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GOP Opposition to Miers Grows


Former Republican National Committee Chairman Ed Gillespie is an adviser to President Bush, and he's been a point man on the nomination of Harriet Miers.

Mr. Gillespie, welcome to the program.

Mr. ED GILLESPIE (Presidential Adviser): Thank you for having me.

SIEGEL: Another conservative columnist today--it's Charles Krauthammer--has a column today saying, `Withdraw this nomination. There are 1,085,504 lawyers in the US,' he writes. `What distinguishes Harriet Miers from any of them other than her connection with the president?'

Mr. GILLESPIE: Actually quite a bit. Her record as a lifelong practitioner of the law, someone who was the first woman hired by her prestigious firm in Dallas and the first woman to run it; she was the first woman to head the Dallas Bar Association, the first woman to be elected to head the Texas Bar Association. She has served for the past five years at the highest level of this administration and this White House, and perhaps most importantly, she is someone the president knows well and he knows that she shares his philosophy of judicial restraint.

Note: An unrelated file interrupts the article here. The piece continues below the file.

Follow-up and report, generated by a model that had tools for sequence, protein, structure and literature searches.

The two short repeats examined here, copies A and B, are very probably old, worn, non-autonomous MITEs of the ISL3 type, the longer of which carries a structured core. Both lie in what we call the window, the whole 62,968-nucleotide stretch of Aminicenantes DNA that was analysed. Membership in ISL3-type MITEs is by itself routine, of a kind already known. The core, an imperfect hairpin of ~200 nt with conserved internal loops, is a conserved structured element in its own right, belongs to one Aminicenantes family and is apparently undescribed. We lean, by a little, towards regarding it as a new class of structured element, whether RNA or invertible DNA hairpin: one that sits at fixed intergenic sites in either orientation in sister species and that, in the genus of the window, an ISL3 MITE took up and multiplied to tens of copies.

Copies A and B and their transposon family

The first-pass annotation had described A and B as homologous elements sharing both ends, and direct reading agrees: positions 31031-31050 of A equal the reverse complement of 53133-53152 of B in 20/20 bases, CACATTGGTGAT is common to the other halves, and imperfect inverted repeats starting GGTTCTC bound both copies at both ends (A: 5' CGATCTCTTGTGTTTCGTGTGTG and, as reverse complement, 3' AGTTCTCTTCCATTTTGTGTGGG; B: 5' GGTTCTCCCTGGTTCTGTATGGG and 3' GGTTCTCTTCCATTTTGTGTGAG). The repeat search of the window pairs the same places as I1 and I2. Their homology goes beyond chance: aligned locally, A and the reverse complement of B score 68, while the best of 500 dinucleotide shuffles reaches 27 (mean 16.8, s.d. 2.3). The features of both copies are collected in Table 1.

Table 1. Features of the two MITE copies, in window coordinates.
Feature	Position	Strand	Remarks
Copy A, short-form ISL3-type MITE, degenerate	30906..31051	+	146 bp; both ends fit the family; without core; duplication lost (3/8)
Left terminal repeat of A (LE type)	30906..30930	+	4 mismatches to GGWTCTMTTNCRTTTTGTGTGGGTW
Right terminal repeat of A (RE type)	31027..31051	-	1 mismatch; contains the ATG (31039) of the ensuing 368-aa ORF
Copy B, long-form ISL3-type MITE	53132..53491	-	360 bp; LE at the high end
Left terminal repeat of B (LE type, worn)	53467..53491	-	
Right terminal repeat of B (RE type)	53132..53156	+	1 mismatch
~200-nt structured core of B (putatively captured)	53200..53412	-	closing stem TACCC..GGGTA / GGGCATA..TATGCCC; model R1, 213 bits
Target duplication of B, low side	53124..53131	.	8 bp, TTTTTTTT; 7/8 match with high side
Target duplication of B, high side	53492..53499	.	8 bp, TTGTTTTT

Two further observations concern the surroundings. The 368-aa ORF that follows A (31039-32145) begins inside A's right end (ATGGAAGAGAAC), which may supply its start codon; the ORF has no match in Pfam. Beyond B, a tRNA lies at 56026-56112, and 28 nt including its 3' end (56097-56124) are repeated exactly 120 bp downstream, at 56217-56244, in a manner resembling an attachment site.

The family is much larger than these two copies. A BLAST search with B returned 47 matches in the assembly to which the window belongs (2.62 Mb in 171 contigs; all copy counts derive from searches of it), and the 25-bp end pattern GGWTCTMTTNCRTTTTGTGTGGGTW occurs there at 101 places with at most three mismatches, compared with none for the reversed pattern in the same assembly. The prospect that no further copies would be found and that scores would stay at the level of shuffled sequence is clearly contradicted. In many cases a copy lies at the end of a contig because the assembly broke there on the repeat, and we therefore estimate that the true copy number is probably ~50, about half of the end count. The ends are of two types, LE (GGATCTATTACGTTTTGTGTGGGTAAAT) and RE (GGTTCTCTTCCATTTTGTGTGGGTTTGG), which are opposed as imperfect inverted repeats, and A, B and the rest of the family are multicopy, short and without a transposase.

SIEGEL: That's what's most important. I mean, is there a kernel of truth in what Krauthammer writes, that if she had not been a personal lawyer to and a close associate of the president's, she wouldn't have been on even a long list for the Supreme Court?

Mr. GILLESPIE: Well, I don't know about that. I do know the fact that the president has worked closely with her on putting forward qualified nominees to the federal bench who do share an understanding that the role of a judge is to apply the laws as written is a view that Harriet Miers shares.

SIEGEL: We heard on this program yesterday from Senator Sam Brownback of Kansas, and it's a sentiment that's been voiced by other conservatives, that there's a disappointment that President Bush didn't nominate one of the other conservative powerhouses in the judiciary, people who are known to be strong legal minds and whose records have been established already in the courts. Why didn't he nominate another established federal judge?